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Goblin Valley Gets International Dark Sky Park Designation

Deokpyeongbong Peak, South Korea

Utah’s Goblin Valley State Park is now officially an International Dark Sky Park. The designation announced Tuesday comes from the non-profit International Dark-Sky Association in Tucson, Arizona. Scott Feierabend is the executive director of the IDA. He says benefits of dark skies include energy saving, pollution reduction and minimizing the negative impacts of light pollution on ecosystems around the world and in backyards.

“Just losing touch of the stars and the grandeur of the universe," says Feierabend, "that we really are a small speck on the scale of grander things and not being able to look up as we once were to just the beauty and magnificence of the starlight sky I think is a, there’s a spiritual loss that we’ve suffered as well.”

Feierabend says the designation application involves commitments from the nearby community as well as state park officials to darken the night sky and educate the public about its benefits.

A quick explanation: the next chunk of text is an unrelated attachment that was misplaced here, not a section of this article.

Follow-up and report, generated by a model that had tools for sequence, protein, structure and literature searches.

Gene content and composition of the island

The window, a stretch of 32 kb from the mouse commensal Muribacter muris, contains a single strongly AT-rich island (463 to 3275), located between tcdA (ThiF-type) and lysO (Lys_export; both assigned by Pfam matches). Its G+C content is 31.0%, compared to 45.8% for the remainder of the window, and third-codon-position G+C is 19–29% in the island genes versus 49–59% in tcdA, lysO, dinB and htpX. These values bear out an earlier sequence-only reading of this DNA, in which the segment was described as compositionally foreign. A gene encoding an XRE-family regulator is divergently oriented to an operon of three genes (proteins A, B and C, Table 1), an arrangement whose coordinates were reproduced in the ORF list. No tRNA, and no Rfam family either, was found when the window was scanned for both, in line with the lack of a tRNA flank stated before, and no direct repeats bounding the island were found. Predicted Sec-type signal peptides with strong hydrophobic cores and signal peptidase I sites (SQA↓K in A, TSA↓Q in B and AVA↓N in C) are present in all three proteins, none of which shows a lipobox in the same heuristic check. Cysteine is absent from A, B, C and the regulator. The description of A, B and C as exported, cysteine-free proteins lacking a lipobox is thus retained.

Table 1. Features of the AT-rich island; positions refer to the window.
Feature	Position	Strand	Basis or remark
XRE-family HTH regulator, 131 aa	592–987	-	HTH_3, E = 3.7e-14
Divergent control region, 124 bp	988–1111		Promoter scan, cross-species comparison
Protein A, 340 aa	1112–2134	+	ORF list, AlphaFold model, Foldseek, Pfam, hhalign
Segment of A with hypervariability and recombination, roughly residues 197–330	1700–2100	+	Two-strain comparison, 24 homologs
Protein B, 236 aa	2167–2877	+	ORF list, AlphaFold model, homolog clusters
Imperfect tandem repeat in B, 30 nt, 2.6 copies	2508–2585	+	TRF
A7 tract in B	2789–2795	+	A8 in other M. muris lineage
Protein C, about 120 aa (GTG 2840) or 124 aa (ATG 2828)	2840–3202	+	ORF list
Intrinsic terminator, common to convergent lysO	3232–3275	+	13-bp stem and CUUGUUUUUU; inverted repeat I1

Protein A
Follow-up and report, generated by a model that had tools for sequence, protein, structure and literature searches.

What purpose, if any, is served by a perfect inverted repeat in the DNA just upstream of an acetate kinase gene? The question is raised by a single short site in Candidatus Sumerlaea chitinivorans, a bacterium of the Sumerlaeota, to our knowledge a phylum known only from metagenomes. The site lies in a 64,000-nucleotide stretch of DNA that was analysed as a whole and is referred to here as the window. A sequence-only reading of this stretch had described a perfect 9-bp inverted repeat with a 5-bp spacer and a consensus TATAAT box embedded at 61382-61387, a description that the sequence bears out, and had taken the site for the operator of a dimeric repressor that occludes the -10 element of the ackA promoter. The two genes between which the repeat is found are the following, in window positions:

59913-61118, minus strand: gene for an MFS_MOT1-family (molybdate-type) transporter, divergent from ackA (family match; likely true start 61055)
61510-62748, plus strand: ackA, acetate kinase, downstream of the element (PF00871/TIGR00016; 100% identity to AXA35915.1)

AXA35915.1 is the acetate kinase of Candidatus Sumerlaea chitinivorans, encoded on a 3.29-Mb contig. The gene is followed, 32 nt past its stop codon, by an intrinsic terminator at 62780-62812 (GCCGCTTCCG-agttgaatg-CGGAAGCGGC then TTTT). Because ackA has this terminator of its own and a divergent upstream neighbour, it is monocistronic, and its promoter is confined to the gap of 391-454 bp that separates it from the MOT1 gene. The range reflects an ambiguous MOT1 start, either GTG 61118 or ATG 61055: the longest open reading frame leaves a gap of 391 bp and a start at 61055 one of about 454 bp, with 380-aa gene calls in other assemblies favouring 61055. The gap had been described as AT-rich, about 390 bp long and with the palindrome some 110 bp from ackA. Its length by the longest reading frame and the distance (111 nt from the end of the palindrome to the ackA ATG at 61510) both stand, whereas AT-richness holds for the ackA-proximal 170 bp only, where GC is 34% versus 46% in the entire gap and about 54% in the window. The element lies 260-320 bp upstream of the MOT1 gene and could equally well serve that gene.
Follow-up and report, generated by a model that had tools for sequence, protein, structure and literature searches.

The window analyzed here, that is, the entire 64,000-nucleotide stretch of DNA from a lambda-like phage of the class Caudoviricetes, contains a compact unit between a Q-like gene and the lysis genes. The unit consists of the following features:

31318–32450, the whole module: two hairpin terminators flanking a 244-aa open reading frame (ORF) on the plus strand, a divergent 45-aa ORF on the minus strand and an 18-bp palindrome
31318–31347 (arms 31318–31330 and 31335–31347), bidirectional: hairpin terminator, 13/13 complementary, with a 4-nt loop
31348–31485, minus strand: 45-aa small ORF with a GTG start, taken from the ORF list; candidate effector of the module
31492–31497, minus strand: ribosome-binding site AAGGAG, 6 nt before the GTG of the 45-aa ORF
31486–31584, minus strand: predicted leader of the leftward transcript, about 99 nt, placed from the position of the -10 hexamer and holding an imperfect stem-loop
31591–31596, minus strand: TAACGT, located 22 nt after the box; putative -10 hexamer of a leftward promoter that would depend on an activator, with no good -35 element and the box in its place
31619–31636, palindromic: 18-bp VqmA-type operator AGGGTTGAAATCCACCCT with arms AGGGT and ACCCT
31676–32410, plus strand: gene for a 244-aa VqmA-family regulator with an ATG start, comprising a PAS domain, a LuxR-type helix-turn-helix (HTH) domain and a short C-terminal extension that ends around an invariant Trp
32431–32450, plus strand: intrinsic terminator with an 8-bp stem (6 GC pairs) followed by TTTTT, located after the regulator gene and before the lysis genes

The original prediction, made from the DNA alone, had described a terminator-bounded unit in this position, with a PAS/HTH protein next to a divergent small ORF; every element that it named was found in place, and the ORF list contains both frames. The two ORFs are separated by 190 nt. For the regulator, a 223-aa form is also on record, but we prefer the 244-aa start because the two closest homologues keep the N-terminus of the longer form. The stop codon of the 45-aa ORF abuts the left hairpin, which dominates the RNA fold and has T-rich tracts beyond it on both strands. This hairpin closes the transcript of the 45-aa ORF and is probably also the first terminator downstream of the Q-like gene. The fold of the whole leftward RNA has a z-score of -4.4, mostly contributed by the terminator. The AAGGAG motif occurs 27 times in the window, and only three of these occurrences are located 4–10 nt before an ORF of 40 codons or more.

“So we look for community engagement that demonstrates that not just a handful of individuals really is on board with the dark sky designation and when all those things come together we have a magnificent result,” Feierabend says.

The designation process takes one to two years. Goblin Valley State Park officials plan a free celebration on the night of October 1st with a star party in the park. 

Bob Nelson is a graduate of the University of Utah with a BA in mass communications. He began his radio career at KUER in 1978 when it was still in Kingsbury Hall. That’s also where he met his wife, Maria Shilaos, in 1981. Bob left KUER for commercial radio where he worked for 25 years, and he is thrilled to be back at KUER. Bob and his family are part of an explorer group, fondly known as The Hordes and Masses, which has been seeking out ghost towns and little-known places in Utah for more than twenty years.
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